Hulu's 'Catch-22' Is As Relevant Now As The Original Novel Was In 1961 & The Parallels Are Kinda Eerie
There are no shortage of movies and films that detail experiences of soldiers stationed overseas, but Hulu's Catch-22 mini-series is different. Here, combat isn't noble, grand, or even all that worthwhile. It's absurd, slow, and fought by men who sometimes don't want to be there at all. While many people might have brushed off or avoided Joseph Heller's 1961 classic novel, Catch-22, in high school English class, they shouldn't let that get in the enjoying the series. In fact, the show's themes are more relevant than ever. Probably because "there is never a bad time to talk about the insanity of war," as co-producer, co-director, and co-star George Clooney, told Entertainment Weekly.
Clooney's sentiment is shared by series co-writer Luke Davies, who told Forbes that he believes that, "Heller was very prophetic and this has become more apparent as we move more deeply into this age of anxiety and absurdity." The novel and the show are both prime examples of how absurdity isn't inherently funny, as the cruelty seen in Catch-22 doesn't feel far off from the cruelty that faces people in various ways in 2019, albeit not always in a military setting.
Here are some of the aspects of living in 2019 that Catch-22 portrays more effectively then many shows actually set in 2019.
The Difficulties Of Maneuvering Bureaucracy
The army considers Yossarian a coward, someone who is constantly trying to avoid battle and escape his duty as an American soldier. However — in many ways, he's simply acting on innate human trait to not die.
Yossarian goes up against an institution built on death in an effort to keep him and his friends alive, and is pushed down by that institution's bureaucracy time and time again. This treatment may remind viewers of their own experiences trying to maneuver complicated health insurance policies or people who are attempting to pay off their student loans.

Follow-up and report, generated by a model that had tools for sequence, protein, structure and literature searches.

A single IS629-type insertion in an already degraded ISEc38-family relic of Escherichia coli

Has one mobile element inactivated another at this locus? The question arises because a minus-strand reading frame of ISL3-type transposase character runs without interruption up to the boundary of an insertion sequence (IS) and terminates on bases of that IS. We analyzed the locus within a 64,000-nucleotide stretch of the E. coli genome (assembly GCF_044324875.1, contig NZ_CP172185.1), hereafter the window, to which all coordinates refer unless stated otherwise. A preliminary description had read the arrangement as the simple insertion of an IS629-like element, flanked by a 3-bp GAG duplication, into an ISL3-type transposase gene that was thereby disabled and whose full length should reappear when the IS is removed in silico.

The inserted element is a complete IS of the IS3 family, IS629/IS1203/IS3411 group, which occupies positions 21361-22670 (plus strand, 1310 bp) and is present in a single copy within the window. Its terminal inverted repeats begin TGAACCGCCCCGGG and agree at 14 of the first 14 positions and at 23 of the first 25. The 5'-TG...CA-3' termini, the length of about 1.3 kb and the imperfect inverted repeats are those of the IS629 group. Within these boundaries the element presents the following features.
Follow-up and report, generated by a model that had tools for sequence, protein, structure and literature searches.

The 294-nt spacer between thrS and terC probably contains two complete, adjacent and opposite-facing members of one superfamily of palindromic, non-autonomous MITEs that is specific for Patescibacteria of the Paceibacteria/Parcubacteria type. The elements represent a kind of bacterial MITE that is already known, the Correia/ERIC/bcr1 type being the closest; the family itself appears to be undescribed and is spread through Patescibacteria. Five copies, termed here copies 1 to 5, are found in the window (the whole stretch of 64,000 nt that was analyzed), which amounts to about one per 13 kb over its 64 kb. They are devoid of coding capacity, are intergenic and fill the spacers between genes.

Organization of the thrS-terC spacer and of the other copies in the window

The Influence Of Greed
Catch-22 is primarily Yossarion's story, but the commercial ascension of Milo Minderbinder makes up a major storyline happening concurrently with Yossarion's that Minderbinder embracing the chaos of war and making a profit. Minderbinder starts by trading in produce before moving onto bigger and better products, teaming his "syndicate" with the Germans to collect more and more revenue despite the danger that this commercial expansion brings to his own base. This act of chasing profit and endangering the people who profit can be compared to recent Facebook scandals, the 2008 housing crisis, or any instance in which people's attempts to maximize profit ruined lives.
How The Ruling Class Traps People In Loops
The fates that Yossarian and his fellow soldiers face can be traced back to the hubris and whims of their superiors. Davies tells Forbes that, "The novel is filled with crazy older men who are delusionally [sic] invested in the sense of their own glory and importance, and who are comically clueless." Davies believes that the description he lends to characters like Colonel Cathcart and Lieutenant Scheisskopf also fit the current tenants of the White House, "so it feels way more relevant even than it was a couple of years ago."
If Cathcart wasn't so busy raising the mission cap to prove that he's better than other Colonels in the army, there's a chance that a lot more of Yossarian's friends would've gotten to go home before their unfortunate deaths.
Catch-22 is a quintessential war story, and while war may not be first and foremost on many American's minds right now, the series still has plenty to say about what being an American in 2019 is like. Sadly, the series' universal themes will likely still be relevant fifty years from now as well.